The Truth About Sitting


Are you an Active Coach Potato?

Mrs Potato Head


That`s the term coined for those of us who jump around the gym for an hour a day, or pound the roads for a four mile trot. Then, freed of exercise guilt. we feel its ok to be sedentary for the rest of the day.

I`d tuned in to BBC`s Michael Mosley a few months back and, in the midst of a fascinating programme on how to improve cardio-vascular fitness as swiftly as possible, he delved a little into the truth about how sedentary we are.

The programme`s research showed that hitting the gym isn`t enough. We have to keep moving more throughout the day if we want to offset the effects of a sedentary lifestyle.

Mosley expanded on that theory a couple of weeks ago on the Marian Finucane Show on Ireland`s Radio One. He told Marian about the experiment that had been conducted on people who worked in an estate agents. They volunteered, for the purposes of the experiment, to stand for three hours a day for ten weeks.

The volunteers had their blood sugar tested, before and after the trial. They also wore heart rate monitors.

And yes, you`ve guessed it, standing improved their heart rates, and their blood sugar control. They also burned more fat. In fact, standing for just three hours per day meant that, in the course of a year, they would have run the calorific equivalent of ten marathons.

So, even if your job demands that you`re chained to a desk, maybe you could do that work standing. At the very least, Mosley says, you should stand for a minute every half hour to offset the effects of all that sitting about.

Runner`s World is even more strident and graphic in it`s presentation of the effects of sitting this month.

Sitting is the New Smoking

Sitting is the New Smoking

Yes,as you`ll see from the cover sub heading, the article compares sitting with smoking.

“The more you sit, the poorer your health and the earlier you may die, no matter how much you run or how fit you are”

Heart disease, diabetes, cancer, and even depression, are all higher in people who sit for nine hours or more per day.

And it doesn`t matter how fit you are. It`s the sitting that causes the problem.

Running can do you an awful lot of good” states the article “but if you spend the rest of your waking hours sitting, those health benefits deprecate”

The article also tosses in the theory that “regular exercisers may actually make less of an effort to move outside of their designated exercise times”

Well, that`s me, for sure. Some days I feel so darn smug about my long slow run, I`ll loll about the place for the rest of the day.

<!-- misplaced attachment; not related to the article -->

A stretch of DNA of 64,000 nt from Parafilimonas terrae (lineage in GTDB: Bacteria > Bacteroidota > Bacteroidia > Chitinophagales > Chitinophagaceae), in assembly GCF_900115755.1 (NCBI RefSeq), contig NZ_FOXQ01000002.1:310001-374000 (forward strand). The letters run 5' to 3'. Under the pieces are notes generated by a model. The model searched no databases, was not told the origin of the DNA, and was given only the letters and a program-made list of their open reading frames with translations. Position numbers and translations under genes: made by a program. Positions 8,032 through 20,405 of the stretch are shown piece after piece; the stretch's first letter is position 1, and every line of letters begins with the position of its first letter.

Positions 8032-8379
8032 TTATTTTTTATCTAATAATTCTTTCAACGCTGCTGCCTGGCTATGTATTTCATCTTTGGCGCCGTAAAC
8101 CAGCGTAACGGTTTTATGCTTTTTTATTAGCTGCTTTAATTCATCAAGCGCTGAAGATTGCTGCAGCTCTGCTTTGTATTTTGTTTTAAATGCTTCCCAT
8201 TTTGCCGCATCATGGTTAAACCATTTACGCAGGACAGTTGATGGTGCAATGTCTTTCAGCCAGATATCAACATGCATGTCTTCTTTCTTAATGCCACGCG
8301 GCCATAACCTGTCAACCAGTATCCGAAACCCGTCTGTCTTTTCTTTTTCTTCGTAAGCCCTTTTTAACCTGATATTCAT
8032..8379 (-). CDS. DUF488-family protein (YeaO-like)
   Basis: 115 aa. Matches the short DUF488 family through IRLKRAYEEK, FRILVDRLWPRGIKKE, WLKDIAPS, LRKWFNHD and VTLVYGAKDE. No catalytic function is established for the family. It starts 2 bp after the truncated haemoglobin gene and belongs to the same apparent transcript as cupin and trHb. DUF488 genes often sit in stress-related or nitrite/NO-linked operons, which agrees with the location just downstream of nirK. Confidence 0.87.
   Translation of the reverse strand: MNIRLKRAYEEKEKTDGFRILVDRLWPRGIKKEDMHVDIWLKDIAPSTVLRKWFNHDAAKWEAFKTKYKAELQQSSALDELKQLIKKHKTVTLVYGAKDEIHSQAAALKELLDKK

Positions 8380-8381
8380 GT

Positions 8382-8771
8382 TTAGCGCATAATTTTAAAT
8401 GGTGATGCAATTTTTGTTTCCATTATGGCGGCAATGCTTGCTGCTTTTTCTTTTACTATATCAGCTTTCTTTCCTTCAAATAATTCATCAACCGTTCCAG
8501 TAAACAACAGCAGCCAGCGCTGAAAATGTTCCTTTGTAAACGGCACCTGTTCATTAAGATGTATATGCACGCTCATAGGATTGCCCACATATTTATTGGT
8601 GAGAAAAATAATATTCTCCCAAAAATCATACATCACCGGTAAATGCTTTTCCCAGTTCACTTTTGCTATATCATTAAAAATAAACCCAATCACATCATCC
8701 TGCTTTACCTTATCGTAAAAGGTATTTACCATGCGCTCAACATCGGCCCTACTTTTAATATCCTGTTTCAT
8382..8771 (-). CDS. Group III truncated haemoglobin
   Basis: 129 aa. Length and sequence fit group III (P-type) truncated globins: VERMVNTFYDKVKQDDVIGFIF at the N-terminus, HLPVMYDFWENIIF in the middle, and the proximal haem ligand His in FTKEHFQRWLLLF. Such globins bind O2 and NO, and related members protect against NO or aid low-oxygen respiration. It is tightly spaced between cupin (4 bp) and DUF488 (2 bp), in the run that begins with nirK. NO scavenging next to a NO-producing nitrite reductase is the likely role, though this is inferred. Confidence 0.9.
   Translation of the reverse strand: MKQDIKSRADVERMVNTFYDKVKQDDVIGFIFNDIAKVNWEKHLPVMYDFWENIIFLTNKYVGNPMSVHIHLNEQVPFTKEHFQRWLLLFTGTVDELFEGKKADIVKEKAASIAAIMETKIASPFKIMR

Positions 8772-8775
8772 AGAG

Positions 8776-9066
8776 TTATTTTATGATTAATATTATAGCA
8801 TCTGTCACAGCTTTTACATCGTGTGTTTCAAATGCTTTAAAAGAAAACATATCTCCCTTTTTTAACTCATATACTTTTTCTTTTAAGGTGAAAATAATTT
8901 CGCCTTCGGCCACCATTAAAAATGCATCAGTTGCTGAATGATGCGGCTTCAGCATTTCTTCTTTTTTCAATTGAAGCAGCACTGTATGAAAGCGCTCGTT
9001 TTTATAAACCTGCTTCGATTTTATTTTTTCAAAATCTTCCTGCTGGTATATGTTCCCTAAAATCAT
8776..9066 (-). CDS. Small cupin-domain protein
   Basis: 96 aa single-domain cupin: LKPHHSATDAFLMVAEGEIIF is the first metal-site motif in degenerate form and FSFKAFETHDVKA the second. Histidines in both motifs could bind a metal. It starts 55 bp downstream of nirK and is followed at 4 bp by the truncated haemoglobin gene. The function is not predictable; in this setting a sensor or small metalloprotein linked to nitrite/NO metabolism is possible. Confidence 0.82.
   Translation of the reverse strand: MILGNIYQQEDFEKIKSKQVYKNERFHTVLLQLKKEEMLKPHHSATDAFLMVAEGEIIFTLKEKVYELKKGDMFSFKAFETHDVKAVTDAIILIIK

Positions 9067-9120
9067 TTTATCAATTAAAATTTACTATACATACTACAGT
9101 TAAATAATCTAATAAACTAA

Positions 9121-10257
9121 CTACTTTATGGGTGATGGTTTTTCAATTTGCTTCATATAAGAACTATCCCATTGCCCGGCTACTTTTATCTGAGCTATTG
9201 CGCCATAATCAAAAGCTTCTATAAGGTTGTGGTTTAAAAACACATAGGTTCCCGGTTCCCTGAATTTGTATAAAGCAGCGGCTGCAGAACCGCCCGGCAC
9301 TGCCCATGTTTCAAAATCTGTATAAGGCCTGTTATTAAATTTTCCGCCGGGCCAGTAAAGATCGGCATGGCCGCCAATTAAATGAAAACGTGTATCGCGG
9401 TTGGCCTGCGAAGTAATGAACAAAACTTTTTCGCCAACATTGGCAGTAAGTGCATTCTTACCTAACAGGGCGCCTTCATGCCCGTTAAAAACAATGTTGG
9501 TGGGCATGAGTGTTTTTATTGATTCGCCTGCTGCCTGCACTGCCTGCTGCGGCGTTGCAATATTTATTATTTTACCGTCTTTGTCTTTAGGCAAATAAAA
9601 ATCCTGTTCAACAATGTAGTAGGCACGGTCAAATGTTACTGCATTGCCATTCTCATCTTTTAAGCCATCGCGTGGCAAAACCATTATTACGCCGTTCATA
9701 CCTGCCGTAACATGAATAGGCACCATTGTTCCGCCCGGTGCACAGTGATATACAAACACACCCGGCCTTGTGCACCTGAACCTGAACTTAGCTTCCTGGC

Some people are taking this matter so seriously, they`re actually working from special standing desks, rather than sitting down. Others actually do their desk job while walking on a treadmill. Though I think I`ll pass on that one.

But the truth is, some of my runner`s high comes from feeling I`ve deserved my spell on the coach. And my day job-remember all that cloak and dagger stuff I do from the comfort of a bar stool?-is pretty sedentary in itself. I really must make a conscious effort to take proper sitting breaks. As in breaks from sitting.

And this research really scares me when I look at life inside the Chook House. The Teens are practically tethered to the coach  with an assortment of wires and screens. They probably do move on average every half hour to raid the fridge or the biscuit tin, compounding the damage to their blood sugar levels in the process.

Could it be, that in the lifetimes of Generation Layabout, sitting really will be frowned upon as much as smoking is now? Perhaps they will be greeted by a raft of newly designed desks in the offices of the future? And maybe sitting about on exercise balls, as recommended in “Runner`s World” will be the big trend? Everywhere – airports, passport offices, cinemas- will have specially designed sections to encourage people to stand.

And stamped on window panes and walls will be stickers and posters with a big red X on a big black sofa declaring

“No Sitting”

Oh, and by the way, I`m  writing this from a laying position. But, that`s okay for Red Hens…


Excellent articles on the subject here…

Picture Credits: Mrs Potato Head is from

Runner`s World pic is my own.



21 thoughts on “The Truth About Sitting

  1. Pingback: Been Sitting Around Too Much? | redhenrun

  2. This is really worrying, but does make sense to me. I think my most ‘healthy’ job would have been when I worked in retail, and that’s even when it was a coffee shop (with easy access to pastries!). My continual movement and constantly being on my feet left me with more energy (and a smaller waistline) than any desk job I’ve had since. Fascinating study, thanks for sharing!